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View Full Version : What are these called (and where could I get them?)


What-the-Spork
03-19-2011, 10:40 AM
So I'd like to get these two cosplays, but I kind of want them to be real, or at least not an intentional costume. I really like the Victorian feel and I would be planning on wearing them regularly if I got them. The two cosplays-

1 (http://www.hellocosplay.com/black-butler-kuroshitsuji-ciel-phantomhive-cosplay-costume-p-440.html) 2 (http://www.hellocosplay.com/black-butler-cosplay-chapter-22-ciel-phantomhive-costume-p-2375.html)
So, does anyone know the actual names of these types of garments? Thanks :)

Mehdia
03-19-2011, 08:14 PM
The green jacket is sort of a frock coat. Though all of Kuroshitsuji's costumes are a bit of an exaggerated version of Victorian clothing. As for the blue jacket...I don't know exactly what it's called. I just always associated those coats with Sherlock Holmes (I grew up reading those books)...

Kelley
03-19-2011, 10:49 PM
1830s frock coats are closest to the pinched-waist, coloured, and flambouyant look of the manga. Actual 1890s frock coats look almost nothing like that. The construction is not accurate to any era - real tails are actually a lot more elegant than what happens if you make a direct copy of what is drawn (the whole "splitting to reveal your rear" thing).

A women's coat could work, and you'll find similar ones from the 1900s to present day.

There were similar caped coats around the early 1800s as well.


What is it you'd like to do ? Are you trying to do a "historically accurate" version of the costumes ? Do you just want to do them "as is" and have names to go with them ? If it's the latter, I wouldn't worry so much about it - there's nothing wrong with the fact that these are garments that would never have existed. They would make perfectly normal modern coats, although I wouldn't buy those two examples for use as coats (I'd want something heavier and more "real", but it might be different if you live somewhere warmer).

Satine
03-20-2011, 12:26 AM
Yeah those are totally modern aestetics in both and I cannot think of anything earlir than say the 1930s that they would be appropriate for and then they would be for those wonderful famboyant Hollywood musicals :)

Wear them if you like them, they are pretty. And will fit in with a modern wardrobe far better than an historical garment would as those have a very different fitting system and look strange to eyes used to modern fitting.

One is a fitted jacket that flares to mid thigh and the other a flared coat with capelet. But they are generic terms not pinned down to a style or place or time.

Kelley
03-20-2011, 01:42 AM
She draws really modern shoulders and everyone gets princess seams everywhere, lol. xd

These are the coats I feel they may have taken inspiration from :

http://media.vam.ac.uk/media/thira/collection_images/2008BT/2008BT6524.jpg
http://images-mediawiki-sites.thefullwiki.org/10/1/5/3/18721423159165083.jpg

Combined with the more traditional late-century frock coat and some fairy sprinkles.

What-the-Spork
03-20-2011, 04:28 PM
Yes, I'd like to have it look realistic (ie historically accurate), but in the same colours and such. Thanks for this information!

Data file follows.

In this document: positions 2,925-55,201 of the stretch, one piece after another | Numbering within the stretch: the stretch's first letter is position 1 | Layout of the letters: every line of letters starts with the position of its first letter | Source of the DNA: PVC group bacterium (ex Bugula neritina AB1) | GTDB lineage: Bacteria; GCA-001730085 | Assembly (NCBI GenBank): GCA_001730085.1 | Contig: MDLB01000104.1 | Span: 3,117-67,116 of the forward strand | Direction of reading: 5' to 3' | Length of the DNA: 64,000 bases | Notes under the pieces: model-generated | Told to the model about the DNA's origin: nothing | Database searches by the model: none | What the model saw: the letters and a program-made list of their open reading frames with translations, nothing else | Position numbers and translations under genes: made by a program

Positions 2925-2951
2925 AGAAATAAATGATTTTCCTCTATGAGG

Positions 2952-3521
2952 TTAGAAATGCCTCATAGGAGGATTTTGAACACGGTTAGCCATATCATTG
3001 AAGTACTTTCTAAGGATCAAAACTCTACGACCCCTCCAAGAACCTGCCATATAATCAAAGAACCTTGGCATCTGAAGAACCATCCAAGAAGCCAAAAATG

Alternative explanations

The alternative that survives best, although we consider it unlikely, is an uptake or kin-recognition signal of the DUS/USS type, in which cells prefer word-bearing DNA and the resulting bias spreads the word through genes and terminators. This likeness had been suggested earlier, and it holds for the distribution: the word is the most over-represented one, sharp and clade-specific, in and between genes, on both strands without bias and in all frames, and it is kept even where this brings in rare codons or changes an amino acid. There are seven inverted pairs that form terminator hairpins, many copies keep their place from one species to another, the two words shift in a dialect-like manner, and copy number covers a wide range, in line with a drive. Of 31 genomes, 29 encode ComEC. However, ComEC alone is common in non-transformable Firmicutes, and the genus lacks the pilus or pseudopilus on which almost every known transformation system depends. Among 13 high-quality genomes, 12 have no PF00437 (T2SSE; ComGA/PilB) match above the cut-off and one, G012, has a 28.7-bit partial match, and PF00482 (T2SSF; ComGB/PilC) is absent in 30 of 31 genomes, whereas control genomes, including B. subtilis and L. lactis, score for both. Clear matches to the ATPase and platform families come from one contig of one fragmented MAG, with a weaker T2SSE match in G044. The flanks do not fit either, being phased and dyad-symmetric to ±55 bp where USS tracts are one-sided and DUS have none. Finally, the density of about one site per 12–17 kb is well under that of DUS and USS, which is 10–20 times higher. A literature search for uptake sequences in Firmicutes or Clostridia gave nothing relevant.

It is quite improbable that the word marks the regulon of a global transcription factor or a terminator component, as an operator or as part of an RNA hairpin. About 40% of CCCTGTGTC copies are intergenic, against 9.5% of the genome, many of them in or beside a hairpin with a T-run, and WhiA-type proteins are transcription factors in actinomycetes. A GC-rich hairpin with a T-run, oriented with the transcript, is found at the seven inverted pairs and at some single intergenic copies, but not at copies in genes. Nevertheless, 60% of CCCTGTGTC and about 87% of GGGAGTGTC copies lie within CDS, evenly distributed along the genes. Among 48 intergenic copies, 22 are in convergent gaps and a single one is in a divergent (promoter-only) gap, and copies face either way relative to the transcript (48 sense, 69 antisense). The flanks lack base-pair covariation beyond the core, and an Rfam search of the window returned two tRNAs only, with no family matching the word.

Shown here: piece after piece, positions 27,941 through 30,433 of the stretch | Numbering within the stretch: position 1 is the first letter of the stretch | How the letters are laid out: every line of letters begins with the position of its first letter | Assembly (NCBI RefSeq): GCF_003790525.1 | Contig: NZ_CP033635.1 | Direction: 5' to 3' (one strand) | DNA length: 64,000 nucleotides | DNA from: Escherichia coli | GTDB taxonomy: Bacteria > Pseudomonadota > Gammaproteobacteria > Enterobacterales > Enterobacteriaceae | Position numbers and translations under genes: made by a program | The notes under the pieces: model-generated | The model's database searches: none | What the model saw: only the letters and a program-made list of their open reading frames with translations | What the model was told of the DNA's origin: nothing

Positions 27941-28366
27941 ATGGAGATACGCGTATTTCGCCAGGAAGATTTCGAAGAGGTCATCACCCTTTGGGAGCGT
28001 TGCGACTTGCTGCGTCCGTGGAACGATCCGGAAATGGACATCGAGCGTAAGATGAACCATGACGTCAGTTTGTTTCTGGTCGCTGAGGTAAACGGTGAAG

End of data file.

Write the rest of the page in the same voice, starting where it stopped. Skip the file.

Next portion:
Kelley
03-20-2011, 10:02 PM
I think making garments look "realistic" is more about fabric choice and construction quality. Those are the things that make something look more "clothing" than "costume".

Historical accuracy is a different can of worms. Historically accurate in relation to what ? Historically accurate for 1890 is almost impossible - you'd be making completely different clothing. Historically accurate to 1830 is going to introduce a lot of different shapes and ideas, too - ones that go against the grain of the manga.

Either way, I think it would be borderline recognisable at best. Now, that could be fun, but if your first and foremost goal is "realistic", I'd go for better fabrics and construction - not historical accuracy. To make these garments REAL requires getting away from that, actually.

What-the-Spork
03-22-2011, 09:52 PM
So, I should just make them/buy whatever way I feel would be best and most aesthetic?

Mehdia
03-22-2011, 10:53 PM
Pretty much what you said. You will have to compromise between historical accuracy and what is aesthetically pleasing to you. You can mix them (as I did for Madam Red) but you will still have to compromise here and there to make it all work in the end. Since you seem to be going for Ciel's look, I would say try for some of the cuts of the era and find the best fabrics you can that will hold the shape. Then you can tailor them to be a bit more modern fitting and flattering to your shape. The fun of a costume piece is that it doesn't have to be something that would have been worn in the era of the series, but influenced by it.

Kelley
03-23-2011, 02:19 AM
Mixing-and-matching is pretty hard to do right. It would be simpler to just interpret the drawings into reality - then you know you have something that should work.

Mixing and matching across eras requires a lot of knowledge of said eras and more. More often than not, I see it come out looking "wrong" than cohesive. Pick and choose carefully - sit on a design for a few weeks and come back to it before buying any materials. Show the design to other people.

Otherwise, you're just looking to draft some pretty well-defined patterns from the manga and use medium-heavy weight wool to render them a reality.

What-the-Spork
04-04-2011, 12:02 AM
Thanks-so I'll do that. Does anyone know any good patterns?